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Editorial: Ray Kelly lecture offers lens to examine local policies

This afternoon, New York police commissioner Ray Kelly will deliver a lecture sponsored by the Taubman Center for Public Policy and American Institutions. Kelly’s arrival has stoked controversy because  he supports stop-and-frisk policies in New York City. Yesterday, we responded to calls to cancel the event, speaking to the benefits of free speech on campus. Today, we will examine the “broken windows” model of policing that has inspired the stop-and-frisk model in New York City and illuminates the flawed “community policing” strategies employed in Providence. These strategies have been implemented to combat crime but lead to racial profiling and unwarranted searches that violate civil liberties. We encourage the Providence Police Department to buck the trend set by the NYPD, as its tactics provide more opportunities for police misconduct and discrimination.

The “broken windows” theory was developed during the 1980s and has grown in popularity due to its heavy use in New York. This model suggests smaller acts of crime such as vandalism, littering and broken windows devolve into serious crime if unaddressed. The theoretical response is a zero-tolerance policy that prosecutes each infraction, no matter how minor, to the fullest extent of the law. Stop-and-frisk policies stem from this theory: They are intended to halt criminals of any kind by searching them for any evidence of illicit activity. But this has led to racial bias and police transgression, a claim raised by defendants in a federal lawsuit against the NYPD in an attempt to cease stop-and-frisk policies in New York.

While the Providence Police Department has made clear it will not enact stop-and-frisk, its implementation of “community policing” opens Providence to the same potential for police misconduct. Dean Esserman developed community policing in Providence in 2003 when he was promoted to chief of police. Esserman’s model involved splitting the department and increasing the number of police officers on the ground. These measures, in addition to the creation of the Providence External Review Authority, were intended to increase trust between communities and the police department and  crack down on petty crimes. But such policies have been effective in only one of these regards. Officers are stopping more civilians, but community relationships have not improved. PERA has no authority to sanction an officer or mandate disciplinary measures. It can merely investigate civilian complaints. In 2010, its board was cut from 22 members to nine. PERA fails as a resource for civilians looking to report police misconduct.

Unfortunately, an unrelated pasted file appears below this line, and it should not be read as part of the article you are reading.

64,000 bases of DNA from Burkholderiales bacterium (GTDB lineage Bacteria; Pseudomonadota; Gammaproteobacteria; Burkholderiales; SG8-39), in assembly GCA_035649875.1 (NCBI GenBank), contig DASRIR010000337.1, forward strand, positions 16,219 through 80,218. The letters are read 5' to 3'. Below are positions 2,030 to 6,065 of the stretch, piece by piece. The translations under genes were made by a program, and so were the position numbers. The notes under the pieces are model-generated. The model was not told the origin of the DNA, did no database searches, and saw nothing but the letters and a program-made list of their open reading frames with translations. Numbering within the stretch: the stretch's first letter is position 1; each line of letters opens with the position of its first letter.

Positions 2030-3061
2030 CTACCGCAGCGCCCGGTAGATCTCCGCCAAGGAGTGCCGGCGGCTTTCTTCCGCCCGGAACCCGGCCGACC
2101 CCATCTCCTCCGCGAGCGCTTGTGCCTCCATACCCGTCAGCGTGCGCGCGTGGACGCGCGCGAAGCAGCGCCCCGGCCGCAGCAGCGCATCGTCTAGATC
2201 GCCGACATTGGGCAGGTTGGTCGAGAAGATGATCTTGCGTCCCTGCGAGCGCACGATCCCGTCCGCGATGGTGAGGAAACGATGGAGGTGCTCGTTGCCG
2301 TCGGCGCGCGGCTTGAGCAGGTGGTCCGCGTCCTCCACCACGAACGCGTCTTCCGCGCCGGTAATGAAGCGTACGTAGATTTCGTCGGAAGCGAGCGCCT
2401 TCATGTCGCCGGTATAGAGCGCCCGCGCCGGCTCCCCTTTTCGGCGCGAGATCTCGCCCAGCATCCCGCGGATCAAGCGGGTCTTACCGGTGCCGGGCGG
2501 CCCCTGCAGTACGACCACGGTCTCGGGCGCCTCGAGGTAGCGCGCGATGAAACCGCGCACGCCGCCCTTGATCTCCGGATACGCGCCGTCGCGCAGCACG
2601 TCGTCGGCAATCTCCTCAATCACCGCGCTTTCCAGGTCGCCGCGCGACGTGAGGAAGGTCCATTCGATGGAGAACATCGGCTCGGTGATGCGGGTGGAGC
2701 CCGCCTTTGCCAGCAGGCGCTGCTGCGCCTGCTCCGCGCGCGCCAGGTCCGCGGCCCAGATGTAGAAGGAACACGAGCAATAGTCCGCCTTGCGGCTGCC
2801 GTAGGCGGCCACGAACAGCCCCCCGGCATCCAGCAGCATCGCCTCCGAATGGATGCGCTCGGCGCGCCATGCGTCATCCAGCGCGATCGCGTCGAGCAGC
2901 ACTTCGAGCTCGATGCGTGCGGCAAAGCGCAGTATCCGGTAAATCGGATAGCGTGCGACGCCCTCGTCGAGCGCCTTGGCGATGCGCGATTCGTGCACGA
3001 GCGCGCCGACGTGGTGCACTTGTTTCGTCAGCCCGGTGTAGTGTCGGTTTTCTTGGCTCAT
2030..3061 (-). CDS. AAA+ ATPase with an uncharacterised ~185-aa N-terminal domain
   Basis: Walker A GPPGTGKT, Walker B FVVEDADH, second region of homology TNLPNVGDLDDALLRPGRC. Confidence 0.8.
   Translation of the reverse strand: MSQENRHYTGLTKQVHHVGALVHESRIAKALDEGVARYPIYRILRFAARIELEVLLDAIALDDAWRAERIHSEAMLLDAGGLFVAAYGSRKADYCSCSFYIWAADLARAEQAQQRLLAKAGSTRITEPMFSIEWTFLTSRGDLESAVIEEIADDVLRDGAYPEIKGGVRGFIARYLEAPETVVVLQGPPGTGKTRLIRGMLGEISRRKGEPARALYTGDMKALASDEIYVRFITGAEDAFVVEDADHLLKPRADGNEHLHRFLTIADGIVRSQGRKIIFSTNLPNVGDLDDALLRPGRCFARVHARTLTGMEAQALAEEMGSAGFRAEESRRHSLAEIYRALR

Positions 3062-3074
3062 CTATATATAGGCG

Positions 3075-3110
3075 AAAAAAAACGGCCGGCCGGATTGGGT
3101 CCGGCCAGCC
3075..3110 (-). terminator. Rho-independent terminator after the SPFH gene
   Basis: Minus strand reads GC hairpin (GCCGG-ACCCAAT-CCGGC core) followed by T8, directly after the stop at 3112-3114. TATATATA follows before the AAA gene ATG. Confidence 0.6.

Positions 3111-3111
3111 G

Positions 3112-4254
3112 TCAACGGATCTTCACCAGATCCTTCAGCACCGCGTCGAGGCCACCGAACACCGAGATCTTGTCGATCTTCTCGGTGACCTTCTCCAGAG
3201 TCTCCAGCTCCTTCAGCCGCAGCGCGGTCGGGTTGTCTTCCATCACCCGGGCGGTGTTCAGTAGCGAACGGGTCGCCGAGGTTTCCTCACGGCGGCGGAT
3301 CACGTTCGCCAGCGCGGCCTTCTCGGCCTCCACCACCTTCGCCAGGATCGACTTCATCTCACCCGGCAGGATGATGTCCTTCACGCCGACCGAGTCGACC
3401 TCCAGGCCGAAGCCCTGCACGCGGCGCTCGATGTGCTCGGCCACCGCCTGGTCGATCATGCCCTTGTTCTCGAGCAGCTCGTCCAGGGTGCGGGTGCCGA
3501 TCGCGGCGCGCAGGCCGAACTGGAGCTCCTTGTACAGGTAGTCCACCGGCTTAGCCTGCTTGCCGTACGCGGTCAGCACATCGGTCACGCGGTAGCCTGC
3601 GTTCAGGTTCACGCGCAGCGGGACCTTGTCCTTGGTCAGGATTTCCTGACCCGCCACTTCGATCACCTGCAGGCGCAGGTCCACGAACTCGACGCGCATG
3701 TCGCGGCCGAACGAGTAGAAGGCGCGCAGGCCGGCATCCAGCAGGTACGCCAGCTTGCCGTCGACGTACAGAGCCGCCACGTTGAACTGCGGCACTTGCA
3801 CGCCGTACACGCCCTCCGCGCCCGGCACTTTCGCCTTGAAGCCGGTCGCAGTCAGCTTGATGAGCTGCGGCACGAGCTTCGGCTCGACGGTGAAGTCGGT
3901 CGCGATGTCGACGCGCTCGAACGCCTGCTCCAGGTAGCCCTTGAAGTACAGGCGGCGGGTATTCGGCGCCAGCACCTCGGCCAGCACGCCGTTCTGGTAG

At the same time, police misconduct and allegations of racial bias are still very real problems in Providence. This past spring, police officers beat, choked and pepper-sprayed a 21-year-old black male named Joshua Robinson repeatedly. As a result of the incident, Robinson was hospitalized for facial and bodily lacerations. He was purportedly pulled over for cocaine possession and arrested for assaulting the officers, but all evidence seems to point to the contrary. Robinson is a mere 115 pounds and five feet tall. The officers who arrested him were all about six feet and displayed no injuries. Additionally, no evidence of drugs was found. A few months earlier, a 77-year-old Cambodian woman was allegedly dragged from her bed, videotaped and taunted by Providence police during a drug raid. These and other incidents demonstrate that police brutality and misconduct still affect this community, and that civilians lack a real mechanism to report offenses.

Kelly’s arrival offers a chance to debate local police misconduct and policing strategies.  Providence needs a review board with teeth, one that gives citizens an avenue to report unlawful behavior by law enforcement. Providence can choose the NYPD model, in which citizens can be stopped and searched for any reason. Alternatively, the city can diverge from the flawed “broken windows” model and attempt to foster a relationship between its police and the people it seeks to protect. Kelly’s speech should bring the debate about police misconduct to the forefront, and we should push for greater monitoring and reporting of police conduct.


Editorials are written by The Herald’s editorial page board: its editor, Rachel Occhiogrosso, and its members, Daniel Jeon, Hannah Loewentheil and Thomas Nath. Send comments to



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